- It may have fire immunity, but last I checked, it wasn’t immune to the choking ash of having the countryside around it set alight. Just set fire to everything, dropping spells as available while flying outside of the Tarrasque’s reach, and let it choke to death.
- Hell, if I were the dragon and wanted to just go through bog-standard combat, I’d just circle-strafe Flyby Attacks using Greater Vital Strike (that’s 16d6+21 right there, crits on 19-20) until it was knocked out. On average, 16d6 deals 48 damage; plus 21 and minus the DR 15/Epic leaves you with 54 damage per round per average. Not including gear bonuses. When it’s unconscious, beat on it every few rounds while you prep to drop it into a live volcano to balance out the regen and let the two forces of nature fight it out.
The same things adventurers did in 3.0, really. But but, you say dragons aren’t as cool as people? It’s an ancient red dragon with stats statistically smarter than most people in the real world. Saying these are outside its scope or are impossible is downplaying just how powerful the dragons are. This is also based on my experiences with 3.x/Pathfinder; from what I can tell it’d be a slightly easier win for the Dragon in 4e.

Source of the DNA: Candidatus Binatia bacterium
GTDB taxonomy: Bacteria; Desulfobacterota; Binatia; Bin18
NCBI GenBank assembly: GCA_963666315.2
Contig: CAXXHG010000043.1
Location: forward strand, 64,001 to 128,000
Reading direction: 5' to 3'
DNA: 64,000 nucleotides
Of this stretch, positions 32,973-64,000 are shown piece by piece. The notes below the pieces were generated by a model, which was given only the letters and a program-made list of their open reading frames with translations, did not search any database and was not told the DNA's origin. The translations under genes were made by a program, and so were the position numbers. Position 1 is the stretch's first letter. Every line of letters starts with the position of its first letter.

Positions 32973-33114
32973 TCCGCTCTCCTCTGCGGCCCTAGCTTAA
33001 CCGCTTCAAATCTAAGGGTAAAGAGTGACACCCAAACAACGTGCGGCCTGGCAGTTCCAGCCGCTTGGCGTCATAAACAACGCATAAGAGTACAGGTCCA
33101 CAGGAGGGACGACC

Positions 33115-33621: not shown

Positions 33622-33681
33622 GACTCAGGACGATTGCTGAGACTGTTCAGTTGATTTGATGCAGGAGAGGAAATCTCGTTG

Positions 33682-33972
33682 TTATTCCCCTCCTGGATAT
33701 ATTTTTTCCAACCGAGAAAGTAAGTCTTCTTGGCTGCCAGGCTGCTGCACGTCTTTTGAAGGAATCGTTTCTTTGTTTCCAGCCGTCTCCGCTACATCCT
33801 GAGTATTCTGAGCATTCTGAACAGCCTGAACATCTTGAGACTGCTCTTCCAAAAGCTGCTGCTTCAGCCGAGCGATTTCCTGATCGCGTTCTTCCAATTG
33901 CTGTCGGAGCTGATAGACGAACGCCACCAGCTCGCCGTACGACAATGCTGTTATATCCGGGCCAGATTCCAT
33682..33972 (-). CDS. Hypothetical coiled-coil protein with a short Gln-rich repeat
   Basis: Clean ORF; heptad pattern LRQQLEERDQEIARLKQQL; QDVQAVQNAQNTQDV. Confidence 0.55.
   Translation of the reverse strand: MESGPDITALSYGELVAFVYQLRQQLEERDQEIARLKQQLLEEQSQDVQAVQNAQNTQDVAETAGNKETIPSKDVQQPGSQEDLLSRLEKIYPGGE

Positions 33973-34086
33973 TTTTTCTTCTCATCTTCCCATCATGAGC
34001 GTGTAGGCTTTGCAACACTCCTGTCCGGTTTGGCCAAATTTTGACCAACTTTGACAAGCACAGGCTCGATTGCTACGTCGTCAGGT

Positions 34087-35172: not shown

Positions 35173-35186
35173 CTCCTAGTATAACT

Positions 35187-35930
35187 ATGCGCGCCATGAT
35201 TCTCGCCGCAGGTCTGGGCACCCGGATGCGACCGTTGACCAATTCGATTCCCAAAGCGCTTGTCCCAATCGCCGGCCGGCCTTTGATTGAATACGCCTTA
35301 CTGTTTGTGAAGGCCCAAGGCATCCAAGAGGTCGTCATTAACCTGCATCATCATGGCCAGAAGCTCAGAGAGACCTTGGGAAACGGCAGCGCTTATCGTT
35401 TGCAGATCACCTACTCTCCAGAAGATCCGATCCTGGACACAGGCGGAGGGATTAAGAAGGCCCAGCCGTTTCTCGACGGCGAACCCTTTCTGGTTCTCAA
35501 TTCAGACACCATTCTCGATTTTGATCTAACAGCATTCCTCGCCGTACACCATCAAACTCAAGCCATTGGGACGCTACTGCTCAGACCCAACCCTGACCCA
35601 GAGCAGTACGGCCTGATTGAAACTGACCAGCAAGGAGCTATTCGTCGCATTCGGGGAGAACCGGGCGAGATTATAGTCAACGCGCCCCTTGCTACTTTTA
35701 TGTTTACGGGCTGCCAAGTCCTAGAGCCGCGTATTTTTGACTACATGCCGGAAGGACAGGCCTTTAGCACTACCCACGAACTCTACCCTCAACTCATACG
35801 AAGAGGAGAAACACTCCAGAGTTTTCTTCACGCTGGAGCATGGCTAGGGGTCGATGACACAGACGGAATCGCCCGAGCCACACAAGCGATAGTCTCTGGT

For those of you saying “But the dragon had to fly away/couldn’t kill it in one round, that’s not winning!” Bullshit. If the Tarrasque ends up dead, the dragon has just won. Using its intelligence for long-term tactical planning and magical stash for an edge, to overcome a unique, legendary obstacle… that’s loving sensible, especially for a cold, cunning, logical dragon. It’s not a cheat, it’s using its Gygax-given abilities.
I feel kind of bad because I’m gaming the metagame here; many people who look at this see a clear victory for the Tarrasque, and the only way I can see that thing winning is if combat played out like the normal D&D slugfests.